Now that her memory has degraded, the daughter
wonders if she overestimated her mother’s beauty.
Youthful photographs, like the early snaps of Marilyn,
offer no clues as to her face’s full potential.
And the portrait taken in middle age to celebrate her
beauty’s climax, is disfigured by melancholy.
Her mother was ordinary until she joined the school
girls’ crush, as they peeped at her through the stage curtains.
Grew up to be invisible by her side, as men and women
gawped at her in the street like a gorgeous freak.
When paparazzi raised their cameras reflexively at the airport,
it was clear her face deserved a wider audience than East Kent.
Yet her ambition was to ‘look out her kitchen window
and see a reliable husband digging in his garden.’
In civilian life her beauty only drew a gold rush of rogues
to her front door, and like Rita Hayworth, she could never live
up to her face’s promise. She became a sheep in a wolf’s skin
coat trotting down the high street unable to pay the gas bill.
Incredible now, the daughter’s cultish existence, where
housekeeping was willingly sacrificed for turtle soap
and Vichy skin preparations. Her mother’s morning’s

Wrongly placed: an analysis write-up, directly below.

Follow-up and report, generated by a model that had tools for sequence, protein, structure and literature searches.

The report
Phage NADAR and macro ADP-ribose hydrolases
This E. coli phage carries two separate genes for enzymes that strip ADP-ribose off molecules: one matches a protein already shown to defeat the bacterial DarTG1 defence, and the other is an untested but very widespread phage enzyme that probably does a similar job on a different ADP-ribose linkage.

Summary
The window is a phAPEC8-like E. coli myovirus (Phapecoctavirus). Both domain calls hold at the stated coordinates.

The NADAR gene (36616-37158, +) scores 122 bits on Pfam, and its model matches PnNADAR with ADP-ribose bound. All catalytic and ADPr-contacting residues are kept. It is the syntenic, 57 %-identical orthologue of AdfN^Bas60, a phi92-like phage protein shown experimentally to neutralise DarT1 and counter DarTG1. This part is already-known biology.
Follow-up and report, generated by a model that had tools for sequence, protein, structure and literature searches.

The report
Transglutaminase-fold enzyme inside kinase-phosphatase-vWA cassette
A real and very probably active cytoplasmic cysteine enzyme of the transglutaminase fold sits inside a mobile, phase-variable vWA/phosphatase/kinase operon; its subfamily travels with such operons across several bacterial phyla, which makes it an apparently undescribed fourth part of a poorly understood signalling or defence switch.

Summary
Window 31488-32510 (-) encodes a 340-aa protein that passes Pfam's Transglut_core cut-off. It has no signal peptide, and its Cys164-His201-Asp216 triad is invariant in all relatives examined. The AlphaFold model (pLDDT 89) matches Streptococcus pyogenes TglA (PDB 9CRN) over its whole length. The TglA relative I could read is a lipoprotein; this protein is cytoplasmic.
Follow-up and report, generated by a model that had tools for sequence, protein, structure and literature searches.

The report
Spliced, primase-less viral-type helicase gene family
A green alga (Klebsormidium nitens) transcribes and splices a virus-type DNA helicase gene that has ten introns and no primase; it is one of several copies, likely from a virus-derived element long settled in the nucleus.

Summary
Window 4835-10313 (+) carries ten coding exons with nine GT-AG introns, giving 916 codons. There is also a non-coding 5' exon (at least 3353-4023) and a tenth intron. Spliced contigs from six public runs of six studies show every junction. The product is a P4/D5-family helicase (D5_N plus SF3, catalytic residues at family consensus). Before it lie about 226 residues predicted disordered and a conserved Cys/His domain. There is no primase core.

observance; heated rollers crowning snow white’s hair
and a wing of 50s movie star eyeliner swept above moss
agate eyes that changed colour with her mood.
Since the housekeeping would never have stretched
to a facelift, the daughter wonders what her mother would
have done when heads stopped turning like sunflowers.
‘That’ll be me,’ she teased as they watched Sunset Boulevard,
but she would never have resorted to shoring up her own facial
landslide with a chin hammock and tape behind her ears.
Becoming perhaps the Garbo of the housing estate, or made
up for a lifetime’s abstinence like Elizabeth Taylor.
Twenty years since the daughter has really seen her mother’s face.
Occasionally her memory is ambushed by the appearance of
Ava Gardner on the TV and she changes channels.
© Fiona Sinclair
Picture 10584627, reproduction of a painting by David Wright, circa 1950, image copyright Mary Evans / David Wright Collection
Fiona Sinclair’s work has appeared in numerous publications. Her first published pamphlet was Dirty Linen (2010, Koo Press, Scotland). Two pamphlets followed this: A Game of Hide and Seek (2012) and Wonderland (2013), both with Indigo Dreams Press. Her first full collection is Ladies Who Lunch (2014, Lapwing Publications, Belfast). She is the editor of the online poetry magazine Message in a Bottle.